By Carl Vignali, Texas Parks and Wildlife Department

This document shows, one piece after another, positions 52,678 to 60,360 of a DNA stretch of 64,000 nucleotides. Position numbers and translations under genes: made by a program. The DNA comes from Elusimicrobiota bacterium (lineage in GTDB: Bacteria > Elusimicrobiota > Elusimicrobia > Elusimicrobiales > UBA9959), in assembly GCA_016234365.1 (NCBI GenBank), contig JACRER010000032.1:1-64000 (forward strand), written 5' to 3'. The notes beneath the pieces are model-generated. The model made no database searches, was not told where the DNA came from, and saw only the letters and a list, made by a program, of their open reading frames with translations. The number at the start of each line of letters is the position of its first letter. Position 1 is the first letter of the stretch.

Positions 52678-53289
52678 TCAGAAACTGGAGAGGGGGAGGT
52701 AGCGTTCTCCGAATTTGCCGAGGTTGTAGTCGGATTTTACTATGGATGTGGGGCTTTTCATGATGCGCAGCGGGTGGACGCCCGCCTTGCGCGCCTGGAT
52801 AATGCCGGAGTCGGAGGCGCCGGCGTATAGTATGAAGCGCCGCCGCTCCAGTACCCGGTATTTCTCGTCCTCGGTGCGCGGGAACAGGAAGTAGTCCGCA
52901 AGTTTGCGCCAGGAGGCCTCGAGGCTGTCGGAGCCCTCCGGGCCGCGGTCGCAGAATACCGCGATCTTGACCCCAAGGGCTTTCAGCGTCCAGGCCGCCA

Last November, I wrote an article titled: “New Plans for Lake Raven”, where I talked about a study we were going to do to see if the addition of spawning structures would boost natural recruitment of channel catfish in Lake Raven. It has been hypothesized that the lack of natural spawning structures may be the cause for traditionally low recruitment of catfish in this lake. The first leg of the study has been completed so far. In early March of this year, seventy eight spawning barrels were placed along the shoreline just north of the dam at a depth of 4 to 6 feet. The structures have numbered floats attached for easy location and identification during inspections. Fliers were posted at the park to notify the public of the study and ask that the structures not be disturbed. Two weeks after placing the spawning structures, we started checking them for activity. Using a waterproof camera attached to a pole, we would peek into each barrel to see if they were occupied. On our first check which was on March 16th, we realized that the signal from a GoPro camera to our phone was lost when the camera was submerged past 6 inches of water. So the first check was performed by lifting each spawning barrel up by the float rope and looking in. Lesson learned. Luckily another camera and monitor was loaned to us from the Tyler Management Office and we were back in business. The barrels were checked every week for activity. In March and April, no activity was noted in the structures. This was not completely unexpected. The water temperature was 65.5? F on the first check in March and had risen to 72.3? F at the last check in April. Channel Catfish typically spawn when water temperatures are 70 – 85? F with optimal temps in the 78 – 80 degree range. The first activity was observed on May 9th (water temperature at 77.9? F). Spawning activity was observed during the next five weekly checks with the last check occurring on June 16th. Catfish fry were seen on the last check. In all, activity was seen in 13 of the 78 structures (16.7%) during this first go-around. While this is hopeful, it does not mean success yet. This fall we will sample the lake for catfish fingerlings which would have been produced this year. The study will continue for at least one more year, so if you head out to Lake Raven, no – those aren’t jug lines or trot lines (which are not legal on the lake), it’s the catfish study that TPWD’s Management Crew is conducting. I will be sure to give you an update after we sample this fall. Happy fishing.